“All we can really say is that after the buyback, there were increases in sexual assault overall,” said Samara McPhedran, senior research fellow at Griffith University in Australia and chair of the International Coalition of Women in Shooting and Hunting. “However, the available information does not enable us to draw inferences about whether there is any connection between the two events.”
Cruz said women weren’t able to defend themselves after the buyback. But concealed or open carry is prohibited in Australia, even prior to 1996. Policy changes over gun ownership in Australia have “always been more about a rifle in the closet than a pistol in the handbag,” Leigh said.
Handguns already were under tight restrictions before the law changes in 1996, though laws differed dramatically between states. Some states prohibited the ownership of guns for personal protection, and others were silent on the issue. Handguns largely were allowed under limited exemptions, such as for pistol shooting club members, requirements by employers (i.e., for security personnel) and collectors. There was, and is, no blanket exemption for self-defense, but the explicit prohibition of self-defense as a reason for owning any gun was established with the 1996 legislative changes.
The Cruz campaign did not respond to our request for comment.
How about other crimes? There’s evidence the 1996 changes helped reduce gun suicide and homicide deaths, according to a report by the Harvard Injury Control Research Center. But gun deaths were falling in the early 1990s before the shooting, so there may have been other factors that led to the reduction in deaths, researchers wrote.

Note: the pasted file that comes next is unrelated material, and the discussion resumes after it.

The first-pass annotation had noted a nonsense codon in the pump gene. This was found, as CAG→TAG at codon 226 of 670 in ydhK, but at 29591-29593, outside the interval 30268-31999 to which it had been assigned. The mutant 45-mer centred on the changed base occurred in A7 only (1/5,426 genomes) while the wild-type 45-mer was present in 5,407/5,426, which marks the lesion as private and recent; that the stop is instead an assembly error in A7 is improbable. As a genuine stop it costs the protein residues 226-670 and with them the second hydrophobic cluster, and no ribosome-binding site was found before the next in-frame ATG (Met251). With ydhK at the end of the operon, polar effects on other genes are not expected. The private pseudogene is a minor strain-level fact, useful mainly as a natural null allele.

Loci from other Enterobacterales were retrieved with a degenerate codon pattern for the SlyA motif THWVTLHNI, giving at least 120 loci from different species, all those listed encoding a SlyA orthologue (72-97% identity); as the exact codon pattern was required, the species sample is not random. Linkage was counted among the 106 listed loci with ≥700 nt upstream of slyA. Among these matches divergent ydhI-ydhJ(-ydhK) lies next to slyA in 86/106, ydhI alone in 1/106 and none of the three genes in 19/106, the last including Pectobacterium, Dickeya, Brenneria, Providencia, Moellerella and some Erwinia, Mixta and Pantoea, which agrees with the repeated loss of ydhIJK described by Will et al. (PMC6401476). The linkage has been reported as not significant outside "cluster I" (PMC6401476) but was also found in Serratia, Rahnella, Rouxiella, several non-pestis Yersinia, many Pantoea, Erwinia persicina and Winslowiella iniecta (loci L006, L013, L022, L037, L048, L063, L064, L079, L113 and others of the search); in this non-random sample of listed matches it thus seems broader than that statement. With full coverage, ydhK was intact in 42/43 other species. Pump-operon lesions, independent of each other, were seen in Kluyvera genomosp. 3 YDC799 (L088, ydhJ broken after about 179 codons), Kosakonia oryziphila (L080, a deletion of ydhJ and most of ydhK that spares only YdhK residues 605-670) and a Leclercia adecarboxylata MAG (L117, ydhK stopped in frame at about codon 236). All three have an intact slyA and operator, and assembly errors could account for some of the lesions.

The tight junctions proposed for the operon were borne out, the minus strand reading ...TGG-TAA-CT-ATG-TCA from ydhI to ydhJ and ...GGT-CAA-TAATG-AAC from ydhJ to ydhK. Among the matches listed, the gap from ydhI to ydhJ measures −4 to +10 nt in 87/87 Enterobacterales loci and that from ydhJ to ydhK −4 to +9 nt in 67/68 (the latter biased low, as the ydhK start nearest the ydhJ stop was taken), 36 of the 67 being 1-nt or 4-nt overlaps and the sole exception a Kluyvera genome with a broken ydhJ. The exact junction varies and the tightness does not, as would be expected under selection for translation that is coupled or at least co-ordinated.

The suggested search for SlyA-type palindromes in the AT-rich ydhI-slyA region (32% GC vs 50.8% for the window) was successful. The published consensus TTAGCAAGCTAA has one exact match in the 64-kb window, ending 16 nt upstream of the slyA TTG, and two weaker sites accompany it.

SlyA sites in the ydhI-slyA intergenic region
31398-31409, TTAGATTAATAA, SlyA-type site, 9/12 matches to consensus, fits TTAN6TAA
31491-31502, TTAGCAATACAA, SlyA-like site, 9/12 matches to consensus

Most other violent crime rates have fallen, but this also should not be solely attributed to the gun law changes or the buyback program, Neill said. (Check out the graphics below.) There are so many factors that affect crime and suicide rates. The overall decline is not unique to Australia; it also applies to the United States and many other developed countries.
The rate of sexual assaults in Australia has increased slightly between 1996 and 2014, but there was no significant spike or drop after the 1996 legislative changes or buyback program. The increase likely is affected by the increase in reporting, and there wasn’t prevalent use of handguns for self-defense before 1996, as Cruz suggests. There was no blanket exemption allowing people to use handguns for self-defense prior to 1996, though the explicit prohibition came through the 1996 changes.
There is evidence that the gun reforms helped reduce gun deaths, but it’s not a sole cause-and-effect relationship. Moreover, given that Australian gun culture is not comparable to American gun culture — i.e., the use of concealed carry, ability to carry handguns for self-defense — politicians should refrain from attributing good or bad changes in Australian crime rates to the buyback program or to the legislative package. We also warn politicians on both sides of the gun debate about making broad assertions about Australia to justify policy arguments for the United States.
Regarding Cruz’s statement, we wavered between Three and Four Pinocchios. Despite the litany of caveats, there was a gradual increase in sexual assault rates over a decade after the 1996 changes — which places his claim in the range of Three Pinocchios. But the rates didn’t go up “significantly” after the buyback, and there’s no evidence that changes to gun laws in Australia affected sexual assault rates or jeopardized the ability of women to protect themselves. His false characterization of this law and its effects tipped his statement to Four Pinocchios.